Those who know me know that I tend to get a bit twitchy around flying things (eurgh, pigeons, they're crazy and can't be trusted). But I've never been so scared of a winged creature that I felt the need to pull a gun on it.
But then again, I've never been two days deep in the rain forests of New Guinea and confronted by the world's biggest butterfly, which boasts a wingspan of about a foot wide.
However, in 1906 English explorer and naturalist Albert Stewart Meek found himself in that very situation while on a collecting trip for Walter Rothschild, so he pulled his gun and shot that butterfly right out of the sky.
As a consequence, the Museum's type specimen of the Queen Alexandra’s birdwing (Ornithoptera alexandrae), has bullet holes in its wings!
Bottom: The holotype female specimen of Queen Alexandra’s birdwing (Ornithoptera alexandrae), described by Rothschild in 1907. The large tear in the left forewing and the several other smaller holes and chips (circled), are as a result of it being shot.
Top: How a female Queen Alexandra’s birdwing looks when it hasn't been shot for collection.
At this point I should probably clarify that Meek wasn't using regular shotgun shells but, instead, what is known as 'mustard seed' or 'dust shot' cartridges. These were designed especially for daring explorers and collectors of the time to shoot small birds at short range without causing damage to their plumage.
Meek was also responsible for another addition to our curious collection of 'shot birdwing' specimens, this time a goliath birdwing (Ornithoptera goliath), obtained on Goodenough Island, off eastern Papua New Guinea, in 1914.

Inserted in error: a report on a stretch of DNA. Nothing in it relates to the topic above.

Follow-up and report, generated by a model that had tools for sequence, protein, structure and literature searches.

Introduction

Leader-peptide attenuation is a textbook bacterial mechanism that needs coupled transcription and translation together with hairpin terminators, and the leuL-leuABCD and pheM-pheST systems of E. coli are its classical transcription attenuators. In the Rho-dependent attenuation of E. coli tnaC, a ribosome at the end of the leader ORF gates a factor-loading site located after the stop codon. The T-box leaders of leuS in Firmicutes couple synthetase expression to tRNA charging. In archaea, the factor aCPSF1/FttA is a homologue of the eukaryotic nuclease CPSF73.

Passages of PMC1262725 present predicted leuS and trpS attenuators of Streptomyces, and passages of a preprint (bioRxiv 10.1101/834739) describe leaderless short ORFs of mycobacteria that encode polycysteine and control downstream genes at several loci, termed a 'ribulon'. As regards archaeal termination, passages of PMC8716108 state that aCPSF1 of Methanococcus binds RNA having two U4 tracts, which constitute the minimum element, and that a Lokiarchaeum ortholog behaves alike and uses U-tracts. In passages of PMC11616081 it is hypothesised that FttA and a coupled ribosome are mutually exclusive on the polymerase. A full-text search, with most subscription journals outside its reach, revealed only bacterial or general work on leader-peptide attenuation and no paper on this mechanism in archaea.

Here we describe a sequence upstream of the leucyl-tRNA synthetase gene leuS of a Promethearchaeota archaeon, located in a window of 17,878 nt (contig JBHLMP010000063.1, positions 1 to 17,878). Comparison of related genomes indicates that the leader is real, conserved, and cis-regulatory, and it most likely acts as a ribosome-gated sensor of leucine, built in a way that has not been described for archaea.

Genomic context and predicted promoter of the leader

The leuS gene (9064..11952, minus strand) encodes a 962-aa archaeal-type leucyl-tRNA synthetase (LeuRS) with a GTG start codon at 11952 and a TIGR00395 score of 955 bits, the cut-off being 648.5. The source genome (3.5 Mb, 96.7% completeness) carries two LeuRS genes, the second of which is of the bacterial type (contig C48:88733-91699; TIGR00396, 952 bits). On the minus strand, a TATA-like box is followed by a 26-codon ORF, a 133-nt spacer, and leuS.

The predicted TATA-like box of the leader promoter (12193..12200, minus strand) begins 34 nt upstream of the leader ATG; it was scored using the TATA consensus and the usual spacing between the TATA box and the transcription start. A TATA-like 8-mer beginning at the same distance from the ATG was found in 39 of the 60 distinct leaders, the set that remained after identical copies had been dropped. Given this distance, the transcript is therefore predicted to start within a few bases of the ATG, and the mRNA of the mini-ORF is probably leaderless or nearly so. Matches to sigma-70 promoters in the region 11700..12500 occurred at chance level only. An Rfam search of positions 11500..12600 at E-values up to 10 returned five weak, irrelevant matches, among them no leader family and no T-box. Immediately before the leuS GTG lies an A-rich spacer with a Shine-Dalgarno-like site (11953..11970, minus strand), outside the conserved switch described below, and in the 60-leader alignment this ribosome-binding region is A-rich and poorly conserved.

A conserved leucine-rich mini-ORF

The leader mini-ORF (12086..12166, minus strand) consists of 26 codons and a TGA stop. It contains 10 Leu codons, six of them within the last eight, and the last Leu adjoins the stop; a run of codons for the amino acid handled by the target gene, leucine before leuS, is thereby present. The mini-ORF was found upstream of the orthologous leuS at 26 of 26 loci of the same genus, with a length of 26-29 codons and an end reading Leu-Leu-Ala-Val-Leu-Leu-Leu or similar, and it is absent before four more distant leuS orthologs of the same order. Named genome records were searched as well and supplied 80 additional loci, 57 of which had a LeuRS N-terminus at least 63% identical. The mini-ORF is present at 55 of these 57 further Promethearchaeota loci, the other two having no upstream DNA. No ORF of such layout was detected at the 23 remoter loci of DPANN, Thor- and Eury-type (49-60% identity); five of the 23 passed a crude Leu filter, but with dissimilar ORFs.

In a letter between entomological dealer Oliver Erichson Janson and collector Charles Oberthür, it was written:
[Meek] was only able to obtain a few specimens by shooting them as they always flew only about the tops of the highest trees and he couldn't induce them to come down.
The earliest of our shot birdwings is one captured by John MacGillivray on Guadalcanal (Solomon Islands) in 1854, during the voyage of HMS Herald.
In describing MacGillivray's specimen as Queen Victoria's birdwing (Ornithoptera victoriae) in 1856, George Robert Gray wrote:
Its flight is very elevated; so much so that it became necessary to employ powder and shot to secure the specimen.
Above: MacGillivray's holotype female Queen Victoria's birdwing (Ornithoptera victoriae), with damage from shot.
Below: A Queen Victoria’s birdwing collected using more conventional means.
Birdwings are not the only entomological specimens in our collections with bullet holes. We also have a goliath beetle (Goliathus goliatus), captured 125-years-ago, that was recently revealed to have been shot in its back while in flight.
Entry and exit wounds in the goliath beetle, as well as a shotgun pellet still inside its body as revealed by X-ray analysis.